Elder Neil L. Andersen: Whoso Receiveth Them, Receiveth Me

Elder Neil L. Andersen
Elder Neil L. Andersen (LDS Church)


Members of The Church of Jesus Christ of Latter-day Saints were invited to reach out and embrace youth who feel alone.

In the Saturday afternoon session of the 186th Annual General Conference, Elder Andersen said children come from many different “complex family configurations,” and said it is necessary that the pattern of the Lord be continued.

He quoted The Family: A Proclamation to the World, which says, “Parents have a sacred duty to rear their children in love and righteousness, to provide for their physical and spiritual needs, and to teach them to love and serve one another.”

Elder Andersen said, “But my plea today is for the hundreds of thousands of children, youth, and young adults who do not come from these, for lack of a better term, ‘picture perfect’ families. I speak not only of the youth who have experienced the death, divorce, and diminishing faith of their parents, but also of the tens of thousands of young men and young women from all around the world who embrace the gospel without a mother or father to come into the church with them.”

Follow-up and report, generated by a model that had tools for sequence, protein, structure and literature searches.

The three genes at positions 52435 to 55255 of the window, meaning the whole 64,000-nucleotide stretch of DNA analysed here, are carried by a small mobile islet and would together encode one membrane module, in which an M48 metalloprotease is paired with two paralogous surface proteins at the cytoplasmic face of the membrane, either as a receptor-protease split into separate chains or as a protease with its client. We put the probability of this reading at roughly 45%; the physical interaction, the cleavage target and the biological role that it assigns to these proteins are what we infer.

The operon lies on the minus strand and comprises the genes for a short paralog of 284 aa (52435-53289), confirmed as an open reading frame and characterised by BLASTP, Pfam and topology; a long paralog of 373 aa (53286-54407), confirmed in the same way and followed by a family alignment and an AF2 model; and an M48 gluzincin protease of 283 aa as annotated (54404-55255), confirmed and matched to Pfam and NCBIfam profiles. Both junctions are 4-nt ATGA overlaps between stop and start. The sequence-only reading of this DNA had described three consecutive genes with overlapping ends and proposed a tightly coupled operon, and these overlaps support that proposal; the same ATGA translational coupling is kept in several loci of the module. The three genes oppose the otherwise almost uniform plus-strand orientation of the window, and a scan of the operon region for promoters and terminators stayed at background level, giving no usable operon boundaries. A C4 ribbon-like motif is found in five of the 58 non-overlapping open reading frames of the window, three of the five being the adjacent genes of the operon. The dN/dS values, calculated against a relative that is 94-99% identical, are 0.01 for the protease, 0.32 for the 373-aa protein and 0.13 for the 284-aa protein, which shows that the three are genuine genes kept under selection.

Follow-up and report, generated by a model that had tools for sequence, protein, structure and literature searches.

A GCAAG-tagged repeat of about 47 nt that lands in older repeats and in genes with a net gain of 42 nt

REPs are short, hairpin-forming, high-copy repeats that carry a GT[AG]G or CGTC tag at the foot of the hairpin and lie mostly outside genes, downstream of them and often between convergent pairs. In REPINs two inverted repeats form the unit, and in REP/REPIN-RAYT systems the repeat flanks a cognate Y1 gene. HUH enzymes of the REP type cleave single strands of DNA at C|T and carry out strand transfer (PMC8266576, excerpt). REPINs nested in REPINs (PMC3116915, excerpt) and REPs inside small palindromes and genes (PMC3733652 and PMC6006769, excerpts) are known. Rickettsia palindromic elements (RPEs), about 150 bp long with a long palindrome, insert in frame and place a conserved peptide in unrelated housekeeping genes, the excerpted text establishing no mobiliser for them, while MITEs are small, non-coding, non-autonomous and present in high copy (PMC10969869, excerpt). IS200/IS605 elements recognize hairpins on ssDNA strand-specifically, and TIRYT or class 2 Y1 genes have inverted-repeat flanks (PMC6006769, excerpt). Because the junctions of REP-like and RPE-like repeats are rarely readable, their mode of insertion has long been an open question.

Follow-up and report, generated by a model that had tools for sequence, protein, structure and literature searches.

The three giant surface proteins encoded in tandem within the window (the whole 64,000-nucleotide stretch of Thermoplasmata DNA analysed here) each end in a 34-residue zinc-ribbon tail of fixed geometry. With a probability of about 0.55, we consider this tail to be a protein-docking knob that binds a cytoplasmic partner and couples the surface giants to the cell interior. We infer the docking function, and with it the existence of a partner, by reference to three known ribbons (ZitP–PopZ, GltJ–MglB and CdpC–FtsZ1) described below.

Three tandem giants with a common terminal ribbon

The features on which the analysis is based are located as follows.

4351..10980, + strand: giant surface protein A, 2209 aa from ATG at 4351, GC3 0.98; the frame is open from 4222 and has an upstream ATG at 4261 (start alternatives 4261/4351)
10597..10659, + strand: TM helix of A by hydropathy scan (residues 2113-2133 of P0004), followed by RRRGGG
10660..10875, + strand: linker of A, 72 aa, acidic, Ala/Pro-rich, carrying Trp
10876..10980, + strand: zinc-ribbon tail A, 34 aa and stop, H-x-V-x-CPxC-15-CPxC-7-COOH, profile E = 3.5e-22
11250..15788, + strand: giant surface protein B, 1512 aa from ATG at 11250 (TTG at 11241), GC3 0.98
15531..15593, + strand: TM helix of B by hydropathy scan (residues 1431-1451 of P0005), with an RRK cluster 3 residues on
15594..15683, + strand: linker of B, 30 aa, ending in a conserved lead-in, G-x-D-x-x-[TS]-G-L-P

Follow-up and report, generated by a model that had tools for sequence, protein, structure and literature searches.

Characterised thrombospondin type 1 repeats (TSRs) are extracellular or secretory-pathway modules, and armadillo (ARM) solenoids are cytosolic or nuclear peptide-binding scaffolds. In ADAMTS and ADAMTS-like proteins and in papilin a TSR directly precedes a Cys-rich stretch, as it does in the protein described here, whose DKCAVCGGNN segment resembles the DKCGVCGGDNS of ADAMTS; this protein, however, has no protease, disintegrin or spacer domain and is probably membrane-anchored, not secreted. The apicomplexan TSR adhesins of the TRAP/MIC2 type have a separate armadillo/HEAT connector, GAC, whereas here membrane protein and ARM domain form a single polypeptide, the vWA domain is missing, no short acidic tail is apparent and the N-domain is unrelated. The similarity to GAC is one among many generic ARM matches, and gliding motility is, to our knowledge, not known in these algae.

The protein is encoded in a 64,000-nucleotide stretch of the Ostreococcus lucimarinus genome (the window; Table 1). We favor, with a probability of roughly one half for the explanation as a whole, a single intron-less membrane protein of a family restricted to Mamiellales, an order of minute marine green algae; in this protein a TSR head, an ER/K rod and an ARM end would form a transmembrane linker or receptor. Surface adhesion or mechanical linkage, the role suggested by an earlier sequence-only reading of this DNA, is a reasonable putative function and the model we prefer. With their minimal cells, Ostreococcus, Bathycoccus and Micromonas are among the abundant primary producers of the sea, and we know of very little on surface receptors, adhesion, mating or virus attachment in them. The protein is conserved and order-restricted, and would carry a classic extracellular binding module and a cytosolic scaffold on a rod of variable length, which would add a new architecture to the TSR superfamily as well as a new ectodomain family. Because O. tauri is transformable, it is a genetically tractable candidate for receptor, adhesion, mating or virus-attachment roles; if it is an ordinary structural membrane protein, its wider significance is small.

He said that these children and youth are blessed with “believing hearts and spiritual gifts.”

He told the story of children in the church who had no mother or father to go with them to worship. He said, “While a child’s earthly situation may not be ideal, a child’s spiritual DNA is perfect, because one’s true identity is as a son or daughter of God.”

Elder Andersen spoke of a friend named Max who was baptized at age 8, but whose father was not a member of the church. When Max decided to go back to church after a period of inactivity, he approached the doors to realize a new bishop was standing there. He became nervous, but the bishop knew his name and welcomed him.

Max said, “A warm feeling came over me and I knew I had done the right thing.”

Elder Andersen said, “The greatest influence on helping our youth feel included, is other righteous youth.”

Elder Andersen then told the story of Joseph Ssengooba from Uganda. Joseph was on his own at age nine and baptized at age 12. He went to church and thought it was time to go home, after Sacrament meeting was over. A young boy befriended him and eventually became his trainer on his mission.

When Elder Andersen went to Africa, he and his wife were attending church outside when his wife noticed that children were watching from the fence. The children were then invited inside. He said “The children not only came, but came running – more than 50, perhaps 100, some with tattered clothes and bare feet, but all with beautiful smiles and excited faces.”

“I was deeply moved by this experience and saw it as symbolic of our need to reach out to the youth who feel alone, left behind, or outside the fence,” Elder Andersen said. “Let us think about them, welcome them, embrace them, and do everything we can to strengthen their love for the Savior.”

Print Friendly, PDF & Email